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Our First Meeting...
Guest blogger Andrew Morgans describes his experience at the first Mindful Friends Retreat and Discussion Meeting.
As anyone who practices mindfulness knows, it can be a pretty lonely pursuit: upon completion of an 8 week course, where community is built, discussions are open, and the experience of the facilitator available, one can find oneself slightly adrift – what next? The support of a group now fading, it is easy for one’s practice to wane. Fortunately, Samye Foundation Wales (SFW) provides a space to come and practise with others in their dedicated mindfulness centre. The provision of weekly drop in sessions, along with longer 8 month courses and Mindfulness Association level 1 and 2 training, mean individuals can practise and deepen their mindfulness meditation while benefiting from the support of a community of fellow mindfulness practitioners. A new initiative, Mindful Friends, has just started at the Canton centre: it aims to help cultivate a community of mindfulness practitioners through monthly day retreats (10am-4pm), followed by an hour and half discussion group and – of course – tea, nibbles and an informal opportunity to get to know each other. This is my personal recollection of the inaugural Mindful Friends:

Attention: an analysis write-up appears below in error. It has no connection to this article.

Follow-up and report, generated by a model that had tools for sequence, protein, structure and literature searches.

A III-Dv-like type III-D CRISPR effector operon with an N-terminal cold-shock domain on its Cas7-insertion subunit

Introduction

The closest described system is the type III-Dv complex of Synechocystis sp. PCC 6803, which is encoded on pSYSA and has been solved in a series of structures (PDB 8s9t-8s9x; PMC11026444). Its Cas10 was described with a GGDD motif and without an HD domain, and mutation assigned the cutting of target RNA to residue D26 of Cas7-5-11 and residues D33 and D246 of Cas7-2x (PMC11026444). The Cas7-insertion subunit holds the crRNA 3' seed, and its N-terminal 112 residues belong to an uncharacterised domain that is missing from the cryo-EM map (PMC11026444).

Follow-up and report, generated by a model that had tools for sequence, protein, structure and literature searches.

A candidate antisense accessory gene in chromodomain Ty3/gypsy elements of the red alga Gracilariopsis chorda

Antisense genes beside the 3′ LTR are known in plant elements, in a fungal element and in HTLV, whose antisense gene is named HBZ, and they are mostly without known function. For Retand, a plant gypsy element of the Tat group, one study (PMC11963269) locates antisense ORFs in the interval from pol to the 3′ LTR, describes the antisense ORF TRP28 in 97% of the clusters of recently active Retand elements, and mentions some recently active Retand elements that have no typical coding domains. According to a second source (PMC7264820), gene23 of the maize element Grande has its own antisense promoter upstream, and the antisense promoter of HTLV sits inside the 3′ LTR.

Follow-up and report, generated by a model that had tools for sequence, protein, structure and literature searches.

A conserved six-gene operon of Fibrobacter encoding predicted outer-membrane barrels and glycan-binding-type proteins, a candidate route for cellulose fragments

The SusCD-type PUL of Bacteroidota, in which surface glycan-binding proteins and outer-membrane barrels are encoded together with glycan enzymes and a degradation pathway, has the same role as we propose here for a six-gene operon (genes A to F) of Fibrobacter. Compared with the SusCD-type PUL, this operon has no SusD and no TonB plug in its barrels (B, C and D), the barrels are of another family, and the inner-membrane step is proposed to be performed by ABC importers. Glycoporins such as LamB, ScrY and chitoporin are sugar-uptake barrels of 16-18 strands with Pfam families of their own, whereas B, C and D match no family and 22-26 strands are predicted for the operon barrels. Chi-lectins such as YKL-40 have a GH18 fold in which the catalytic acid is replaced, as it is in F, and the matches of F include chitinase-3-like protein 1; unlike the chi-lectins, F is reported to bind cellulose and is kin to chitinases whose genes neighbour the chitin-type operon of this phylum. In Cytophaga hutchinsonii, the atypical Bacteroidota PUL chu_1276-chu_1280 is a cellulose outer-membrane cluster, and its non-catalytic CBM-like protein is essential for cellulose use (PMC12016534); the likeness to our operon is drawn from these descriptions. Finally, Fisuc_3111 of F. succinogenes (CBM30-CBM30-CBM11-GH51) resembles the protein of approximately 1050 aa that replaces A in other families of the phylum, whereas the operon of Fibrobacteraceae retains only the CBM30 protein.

Our first meeting was probably more structured that what will follow: the whole group will
take ownership of topic of discussion in future sessions. We all watched a fascinating video of a
lecture from Rob Nairn, who has vast experience of mindfulness, meditation and western
psychology. Rob also developed the Mindfulness-Based living course (MBLC). Although not having the fortune to be taught directly by Rob (I met him briefly once at a retreat), I have benefited a great deal from Rob’s work, having completed several 8-week MBLC courses and attending the Mindfulness Association’s Level 1: being present course. Furthermore, I have read his book, ‘Diamond Mind’, which – I believe – is a treasure of a resource, explaining how people from a western cultural background can relate to meditation through a lens of western psychology.
Watching the video, much of what Rob talked about made a lot of sense to me, which is
unsurprising given my mindfulness background being so aligned to Rob’s work. Throughout the
video, I observed my mind effervescing with possibilities for discussion. On reflection, my mind was possibly excited that some of my practices were being clarified – what I was experiencing was possibly more self-centred than I thought! Fortunately, at the end of the video and the start of the discussion, I managed to hold my own thoughts and ideas, which was a blessing as someone else introduced a discussion point on the idea of ‘equanimity’ in relation to mindfulness practice. As the discussion ensued, deepened, and many individual and personal perspectives shared, I came to a realisation. This realisation was something I didn’t share on the day, but do wish to share now, having had some time to mull over and reflect.